A $90 million settlement of an investor lawsuit against MF Global Holdings Ltd. and its former parent, Man Group Plc, over a 2008 wheat-trading loss was cast into doubt by the futures broker’s bankruptcy filing.
A Manhattan federal judge is scheduled to decide on Nov. 18 whether to approve the settlement. The case is a class-action, or group, suit against MF Global, Man Group, underwriters of MF Global’s initial public offering in July 2007, and some of the firm’s officers and directors.
The settlement allows investors to back out of the deal if they’re not paid the full $90 million, court records show. Lawsuits against the firm were automatically halted after MF Global filed for bankruptcy protection on Oct. 31. A bankruptcy judge must decide whether MF Global may contribute to the accord. MF Global’s portion of the settlement, which covers shareholders from July 2007 to February 2008, is $2.5 million.
“If the bankruptcy court gives us approval, we’ll go forward,” Mark Rosen, a lawyer for the investors, said in an interview today. “It’s not in our hands right now. It’s in the hands of the bankruptcy court.”
Rosen wouldn’t say what investors would do if the bankruptcy court refuses to permit the suit against MF Global to proceed. Man Group is contributing $32.5 million to the settlement of litigation with a group of public pension funds. Court records don’t identify other contributors.
Lawyers for Man Group and MF Global’s underwriters didn’t return calls seeking comment on the prospects for the settlement.
MF Global sought bankruptcy protection last month after disclosing investments related to $6.3 billion in European sovereign debt. Its operating unit, MF Global Inc., is being overseen by a trustee probing possible fraud. The Federal Bureau of Investigation is also investigating, according to a person familiar with the matter.
Jon Corzine, a former New Jersey governor and ex-Goldman Sachs Group Inc. co-chairman, quit as MF Global’s chief executive officer on Nov 4.
MF Global listed $39.7 billion in debt and $41 billion in assets and said it has about $26 million in cash. About $593 million of customer funds are unaccounted for, according to a person with knowledge of probes into the collapse.
The investor lawsuit follows an earlier scandal. Shares of the broker fell 28 percent on Feb. 28, 2008, after the firm disclosed that Evan Brent Dooley, an employee in the office in Memphis, Tennessee, lost $141.5 million making bad wheat futures trades.
Investors said they lost $1.14 billion after shares fell. MF Global’s underwriters included Citigroup Inc. and JPMorgan Chase & Co.
Dooley, who was fired by MF Global, was indicted by a federal grand jury in Chicago for wire fraud and violations of the Commodity Exchange Act. He’s accused of persuading MF Global to open a trading account in his name and acting as guarantor by misrepresenting his financial condition. The case is pending.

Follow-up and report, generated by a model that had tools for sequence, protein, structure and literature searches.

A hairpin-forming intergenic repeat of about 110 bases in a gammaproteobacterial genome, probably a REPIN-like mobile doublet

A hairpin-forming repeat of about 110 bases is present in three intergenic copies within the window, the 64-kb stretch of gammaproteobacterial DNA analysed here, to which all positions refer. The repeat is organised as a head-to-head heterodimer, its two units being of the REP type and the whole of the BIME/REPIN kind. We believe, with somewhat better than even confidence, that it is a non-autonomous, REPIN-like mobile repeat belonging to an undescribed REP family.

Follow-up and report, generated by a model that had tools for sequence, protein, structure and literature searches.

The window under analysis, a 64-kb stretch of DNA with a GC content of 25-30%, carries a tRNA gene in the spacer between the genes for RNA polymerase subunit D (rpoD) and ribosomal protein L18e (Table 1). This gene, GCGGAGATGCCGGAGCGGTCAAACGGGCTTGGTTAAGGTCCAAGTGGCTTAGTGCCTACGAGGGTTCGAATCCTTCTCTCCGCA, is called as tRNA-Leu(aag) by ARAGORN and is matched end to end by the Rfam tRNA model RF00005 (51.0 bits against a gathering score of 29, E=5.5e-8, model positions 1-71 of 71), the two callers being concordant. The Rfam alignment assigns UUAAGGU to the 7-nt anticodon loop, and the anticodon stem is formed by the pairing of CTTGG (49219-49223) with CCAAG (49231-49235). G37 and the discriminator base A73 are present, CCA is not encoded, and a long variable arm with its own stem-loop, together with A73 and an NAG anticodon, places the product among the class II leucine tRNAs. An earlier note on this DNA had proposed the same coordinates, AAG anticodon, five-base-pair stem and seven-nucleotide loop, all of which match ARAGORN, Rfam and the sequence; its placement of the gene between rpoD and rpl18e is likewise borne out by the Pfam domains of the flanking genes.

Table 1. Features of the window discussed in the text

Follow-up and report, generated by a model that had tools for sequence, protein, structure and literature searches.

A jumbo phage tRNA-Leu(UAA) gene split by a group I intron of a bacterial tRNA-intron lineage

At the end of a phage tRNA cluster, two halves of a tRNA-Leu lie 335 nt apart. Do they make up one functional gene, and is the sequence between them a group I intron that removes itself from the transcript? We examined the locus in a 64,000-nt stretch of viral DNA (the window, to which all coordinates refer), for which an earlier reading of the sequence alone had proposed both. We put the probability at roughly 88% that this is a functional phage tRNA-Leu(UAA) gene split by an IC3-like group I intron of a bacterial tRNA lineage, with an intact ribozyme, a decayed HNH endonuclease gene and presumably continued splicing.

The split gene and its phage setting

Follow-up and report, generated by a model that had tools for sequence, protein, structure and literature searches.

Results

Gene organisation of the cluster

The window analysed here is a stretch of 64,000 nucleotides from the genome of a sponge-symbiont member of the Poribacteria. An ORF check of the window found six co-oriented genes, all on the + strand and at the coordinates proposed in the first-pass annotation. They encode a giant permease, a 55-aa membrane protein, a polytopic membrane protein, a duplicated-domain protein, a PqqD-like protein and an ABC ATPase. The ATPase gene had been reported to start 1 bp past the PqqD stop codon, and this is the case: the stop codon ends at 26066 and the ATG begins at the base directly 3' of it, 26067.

The investor complaint accuses MF Global of lying in its public filings about its “highly touted risk management.”
It focuses on Dooley’s trading and what the complaint said was “wholly inadequate” back-office systems that were “overwhelmed” after the 2005 acquisition of assets from Refco Inc. Refco went bankrupt two months after its August 2005 IPO that raised $670 million. CEO Phillip Bennett was convicted of hiding hundreds of millions of dollars in bad debt.
‘Key Risk Areas’
“Controls over key risk areas such as broker trading and broker execution of trades requested by customers were either nonexistent or, at best, ineffective,” the complaint said.
The complaint cited an “overstretched risk management back office” and a failure to require brokers to adhere to internal margin trading requirements and Commodity Futures Trading Commission regulations.
Aside from the Dooley trading losses, the lawsuit cited a $77 million settlement by the firm and an employee over trading losses involving an offshore hedge fund.
The CFTC filed a fraud lawsuit claiming that MF Global helped a Philadelphia hedge fund, Philadelphia Alternative Asset Management Co., hide trading losses from investors. The fund collapsed in 2005, and a receiver worked to recover assets for investors.
In December 2007, MF Global and the employee settled, agreeing to pay $69 million for the receivership estate, $6 million in legal costs and $2 million in a civil penalty to the CFTC.
The case is Rubin v. MF Global, 08-cv-2233, U.S. District Court, Southern District of New York (Manhattan). The bankruptcy case is MF Global Holdings Ltd., 11-bk-15059, U.S. Bankruptcy Court, Southern District of New York (Manhattan).